I received this book for free from the author in exchange for an honest review. This does not affect my opinion of the book or the content of my review.
Because I am a huge fan of fairy tales I am constantly in search of a good one. But you would be surprised how difficult that can be to find. Most fairy tale/fairy tale retellings are either high fantasy or romance novels. I have nothing against high fantasy, but it takes a lot for me to commit to those because they tend to be long, part of a series, or complicated to read. And if you follow my reviews even slightly, you know how much I enjoy a good romance novel so I’m not complaining about those either. I just think a good fairytale should be a perfect mixture between romance, fantasy, action, and magic, and they should be easy enough for children to read and interesting enough for adults to enjoy. While Seventh Night wasn’t the most original fairy tale that I have ever read, it was one of the more enjoyable ones.
Seventh night is a princess who is pledged to marry a prince in order to join their two kingdoms.
Although it is an arranged marriage, Seven is very much in love with her betrothed, Neithan, so she is happy to spend the rest of her life with him. The complications arise when Seven’s fiancee is poisoned right before their wedding, and she finds out that she is actually betrothed to Neithan’s twin brother Kaleb. It’s all a little too complicated for me to explain in a review, but all you need to know is that there are two princes and the one she loves has just been poisoned. You can read the rest for yourself.
In order to save her prince, Kaleb, Seven travels with Neithan and a magician’s apprentice name Phillip to find a sorcerer who can hopefully wake Kaleb from his poison induced sleep.
This is a Fairy tale after all so of course there is plenty of magic, mystery, and romance that takes place during Seven’s journey. There are also a few magical creatures thrown in to make things really interesting
While I found the magic system in this book to be interesting, someone who has read a lot of high fantasy might be slightly let down. There aren’t a lot of spells, incantations, and potions. And there also isn’t a big explanation of how the magic in these kingdoms works. I personally loved this because detailed descriptions of magic, is the thing that I find least interesting in fantasy novels. It’s magic, and that’s all the explanation I usually need. But although the magic system was simplistically explained, it was still interesting. The Magic In this book works similarly to singing. Almost everyone is capable of humming, a great number of people can carry a tune, and only a select few can really sing. It is the same with the magic. Some are more talented than others, but almost everyone can do some type of magic if they try.
I liked that there wasn’t an overload of mythical creatures in this book. There are a couple unicorns, a somewhat likeable cyclops, and a few other monsters that try to eat Seven and her friends a couple times. But the story doesn’t depend on an abundance of creatures to keep the reader’s interest. The unicorns are more like enhanced horses than magical creatures, and the cyclops is a very sympathetic and character with his own thoughts and desires as opposed to a mindless killing machine. The minor tweaks that were made to these traditional fairy tale creatures made the story feel fresher and kept my interest. They weren’t boring and devoid of magic, but they did feel more realistic.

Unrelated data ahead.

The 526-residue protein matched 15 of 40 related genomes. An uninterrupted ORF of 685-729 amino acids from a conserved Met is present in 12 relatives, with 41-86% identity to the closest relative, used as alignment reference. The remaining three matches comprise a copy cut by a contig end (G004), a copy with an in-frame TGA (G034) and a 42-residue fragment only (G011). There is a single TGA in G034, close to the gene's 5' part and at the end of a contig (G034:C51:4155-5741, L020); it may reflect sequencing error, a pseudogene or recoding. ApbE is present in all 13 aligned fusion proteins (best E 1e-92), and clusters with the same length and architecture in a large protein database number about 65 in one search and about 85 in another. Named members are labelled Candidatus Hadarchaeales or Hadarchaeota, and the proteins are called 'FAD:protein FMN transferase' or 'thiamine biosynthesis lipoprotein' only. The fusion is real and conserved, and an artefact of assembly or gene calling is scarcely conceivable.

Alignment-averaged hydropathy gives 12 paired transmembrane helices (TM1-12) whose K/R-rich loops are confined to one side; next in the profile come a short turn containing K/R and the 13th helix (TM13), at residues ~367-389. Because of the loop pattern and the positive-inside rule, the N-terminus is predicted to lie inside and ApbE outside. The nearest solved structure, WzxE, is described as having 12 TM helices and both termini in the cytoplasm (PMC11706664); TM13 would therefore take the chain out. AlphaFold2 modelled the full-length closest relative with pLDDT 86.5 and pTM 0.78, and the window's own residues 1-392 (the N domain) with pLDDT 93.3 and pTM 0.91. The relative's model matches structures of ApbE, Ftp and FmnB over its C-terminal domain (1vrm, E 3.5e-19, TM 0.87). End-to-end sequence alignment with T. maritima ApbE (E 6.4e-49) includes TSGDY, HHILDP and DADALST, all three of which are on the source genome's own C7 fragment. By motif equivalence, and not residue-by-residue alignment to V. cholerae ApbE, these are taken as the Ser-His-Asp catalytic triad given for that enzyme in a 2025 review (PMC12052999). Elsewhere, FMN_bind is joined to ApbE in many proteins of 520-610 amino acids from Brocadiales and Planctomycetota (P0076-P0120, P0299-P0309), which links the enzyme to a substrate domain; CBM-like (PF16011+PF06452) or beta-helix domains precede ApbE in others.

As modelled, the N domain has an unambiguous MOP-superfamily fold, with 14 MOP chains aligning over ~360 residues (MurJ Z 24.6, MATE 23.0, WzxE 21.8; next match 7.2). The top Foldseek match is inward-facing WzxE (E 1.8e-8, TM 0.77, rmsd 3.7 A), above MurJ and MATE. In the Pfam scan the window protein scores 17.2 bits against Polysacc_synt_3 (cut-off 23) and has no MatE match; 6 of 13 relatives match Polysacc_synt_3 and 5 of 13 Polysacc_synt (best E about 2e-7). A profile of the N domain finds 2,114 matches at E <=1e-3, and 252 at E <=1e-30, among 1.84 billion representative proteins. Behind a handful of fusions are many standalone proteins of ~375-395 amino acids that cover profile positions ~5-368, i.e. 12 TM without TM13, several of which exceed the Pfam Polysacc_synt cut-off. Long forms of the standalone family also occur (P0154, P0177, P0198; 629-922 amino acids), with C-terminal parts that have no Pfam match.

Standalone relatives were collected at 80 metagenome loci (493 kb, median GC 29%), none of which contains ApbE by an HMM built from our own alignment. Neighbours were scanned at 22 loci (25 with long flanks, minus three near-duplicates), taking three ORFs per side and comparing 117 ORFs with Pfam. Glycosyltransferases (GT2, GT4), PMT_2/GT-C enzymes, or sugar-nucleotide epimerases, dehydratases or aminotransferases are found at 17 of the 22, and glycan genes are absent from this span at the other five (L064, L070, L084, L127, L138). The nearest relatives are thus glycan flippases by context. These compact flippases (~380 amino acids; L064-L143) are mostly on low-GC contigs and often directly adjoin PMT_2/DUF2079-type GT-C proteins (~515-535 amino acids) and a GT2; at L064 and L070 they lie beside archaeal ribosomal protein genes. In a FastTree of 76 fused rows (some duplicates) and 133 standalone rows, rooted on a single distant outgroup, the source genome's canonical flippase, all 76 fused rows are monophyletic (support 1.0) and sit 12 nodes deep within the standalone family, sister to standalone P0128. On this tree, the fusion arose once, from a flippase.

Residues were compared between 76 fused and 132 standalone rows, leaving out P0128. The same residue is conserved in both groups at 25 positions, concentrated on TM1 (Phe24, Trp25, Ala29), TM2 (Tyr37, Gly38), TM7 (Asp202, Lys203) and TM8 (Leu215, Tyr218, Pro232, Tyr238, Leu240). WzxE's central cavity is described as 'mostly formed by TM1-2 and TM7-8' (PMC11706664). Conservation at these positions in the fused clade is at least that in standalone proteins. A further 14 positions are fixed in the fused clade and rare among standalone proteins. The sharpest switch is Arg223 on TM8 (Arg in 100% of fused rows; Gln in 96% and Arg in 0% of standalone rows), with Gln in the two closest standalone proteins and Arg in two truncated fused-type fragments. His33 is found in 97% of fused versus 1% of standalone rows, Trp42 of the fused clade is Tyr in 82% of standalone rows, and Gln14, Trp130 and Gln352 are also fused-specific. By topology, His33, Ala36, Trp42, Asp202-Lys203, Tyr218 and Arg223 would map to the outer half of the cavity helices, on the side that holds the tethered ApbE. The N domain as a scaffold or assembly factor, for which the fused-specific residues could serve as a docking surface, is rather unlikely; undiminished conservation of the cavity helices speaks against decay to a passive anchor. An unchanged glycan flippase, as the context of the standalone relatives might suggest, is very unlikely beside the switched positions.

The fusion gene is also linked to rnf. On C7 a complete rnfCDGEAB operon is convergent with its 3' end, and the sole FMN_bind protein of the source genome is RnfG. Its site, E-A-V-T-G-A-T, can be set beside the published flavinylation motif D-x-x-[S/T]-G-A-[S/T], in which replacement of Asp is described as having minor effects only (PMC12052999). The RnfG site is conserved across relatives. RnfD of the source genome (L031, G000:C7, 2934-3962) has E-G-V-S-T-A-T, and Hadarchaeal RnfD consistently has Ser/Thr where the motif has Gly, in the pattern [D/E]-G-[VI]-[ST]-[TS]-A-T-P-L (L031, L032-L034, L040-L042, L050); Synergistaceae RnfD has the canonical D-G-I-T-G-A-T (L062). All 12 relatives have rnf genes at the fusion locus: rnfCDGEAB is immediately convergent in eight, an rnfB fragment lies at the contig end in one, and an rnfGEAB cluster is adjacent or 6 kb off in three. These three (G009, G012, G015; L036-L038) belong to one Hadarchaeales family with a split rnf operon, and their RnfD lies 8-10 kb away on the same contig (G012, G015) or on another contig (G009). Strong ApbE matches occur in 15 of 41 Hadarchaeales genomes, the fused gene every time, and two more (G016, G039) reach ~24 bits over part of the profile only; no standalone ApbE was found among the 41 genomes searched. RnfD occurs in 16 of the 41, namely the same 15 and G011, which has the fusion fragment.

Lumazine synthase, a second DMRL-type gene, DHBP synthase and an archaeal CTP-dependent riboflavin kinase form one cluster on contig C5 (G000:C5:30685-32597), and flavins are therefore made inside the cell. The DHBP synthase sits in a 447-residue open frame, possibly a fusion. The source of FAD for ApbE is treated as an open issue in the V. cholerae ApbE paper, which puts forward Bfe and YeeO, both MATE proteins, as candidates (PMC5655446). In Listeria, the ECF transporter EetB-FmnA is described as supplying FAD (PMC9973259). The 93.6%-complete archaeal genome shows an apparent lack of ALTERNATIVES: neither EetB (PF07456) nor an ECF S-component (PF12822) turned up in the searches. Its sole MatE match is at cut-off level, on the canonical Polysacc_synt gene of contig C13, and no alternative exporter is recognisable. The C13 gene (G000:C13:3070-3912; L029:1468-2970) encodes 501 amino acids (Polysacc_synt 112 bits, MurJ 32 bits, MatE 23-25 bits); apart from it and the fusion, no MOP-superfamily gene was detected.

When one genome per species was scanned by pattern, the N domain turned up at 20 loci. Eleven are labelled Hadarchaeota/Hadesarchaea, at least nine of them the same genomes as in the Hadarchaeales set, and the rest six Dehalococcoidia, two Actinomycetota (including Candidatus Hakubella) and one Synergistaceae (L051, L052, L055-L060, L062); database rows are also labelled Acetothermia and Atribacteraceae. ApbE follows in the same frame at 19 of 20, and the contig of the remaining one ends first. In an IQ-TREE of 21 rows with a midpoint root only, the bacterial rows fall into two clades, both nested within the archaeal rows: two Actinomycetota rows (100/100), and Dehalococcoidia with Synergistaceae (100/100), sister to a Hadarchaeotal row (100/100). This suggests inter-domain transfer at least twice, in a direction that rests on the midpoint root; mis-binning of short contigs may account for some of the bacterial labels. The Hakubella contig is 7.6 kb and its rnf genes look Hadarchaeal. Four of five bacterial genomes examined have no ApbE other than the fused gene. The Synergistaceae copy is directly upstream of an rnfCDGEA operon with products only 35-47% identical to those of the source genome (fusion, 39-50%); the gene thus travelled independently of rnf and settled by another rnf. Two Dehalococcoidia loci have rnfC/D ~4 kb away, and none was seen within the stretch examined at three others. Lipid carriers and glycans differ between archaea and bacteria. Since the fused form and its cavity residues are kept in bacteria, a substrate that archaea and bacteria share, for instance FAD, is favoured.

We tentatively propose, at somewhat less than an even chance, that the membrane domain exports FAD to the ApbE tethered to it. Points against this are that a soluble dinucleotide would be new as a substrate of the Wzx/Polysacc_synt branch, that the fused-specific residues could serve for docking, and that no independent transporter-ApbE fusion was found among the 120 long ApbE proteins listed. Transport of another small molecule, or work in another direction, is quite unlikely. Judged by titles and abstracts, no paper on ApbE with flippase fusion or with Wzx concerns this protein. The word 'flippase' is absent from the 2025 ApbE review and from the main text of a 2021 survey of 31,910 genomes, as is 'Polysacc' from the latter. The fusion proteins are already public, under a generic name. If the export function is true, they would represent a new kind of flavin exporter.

The overall story telling is really where the book shines it started off slowly, but I was never bored. The first portion is devoted to helping the reader get to know Seven, and I’m glad that happened early because the rest of the book kept progressing at a good pace. And by the time everything was said and done, I really wanted Seven to have her “Happily ever after”.
The excitement begins once they find the sorcerer, who turns out to be a beautiful shape shifter named Andomare (Let me tell you, her magic can really sing!), and they all have to team up to fight an evil king who is doing all that he can to prevent Seven’s marriage to Kaleb.
The relationships between all of the main characters were well done. Seven and Philip have an easy friendship with a healthy dose of sarcasm added in to keep it entertaining. Seven also has great chemistry with the princess, Kaleb and Neithan, but Philip is my personal favorite.
My favorite relationship was actually between Phillip and Andomare, the sorcerer. They were very similar, and got along with each other so well. It was as though they had known each other their entire lives.
Although romance was not the main focus, it was ever present in the book. I always like to have some form of romance in any book that I read, but lately I prefer a book have more going for itself than just a cute romance. It’s not often I find a book in this genre that has an interesting storyline that still manages to have a great romance but Seventh Night supplied me with not one but two wonderfully romantic relationships. Usually when I am reading something light and fluffy, I want a lot of love declaring and kissing scenes, but somehow this book managed to be romantic without overdoing it. I think it is because the chemistry was great between all of the characters not just the romantic pairings.
Overall, the book was just a joy to read. It just made me happy and that is exactly what I want from a fairy tale. If you’re in the mood for a purely enjoyable, easy to read fairy tale with a happy ending, then you’ve found the right book!
Because of some minor scary scenes, I would recommend this book for ages 10 and up. This book was clean and had no adult language or sexual content.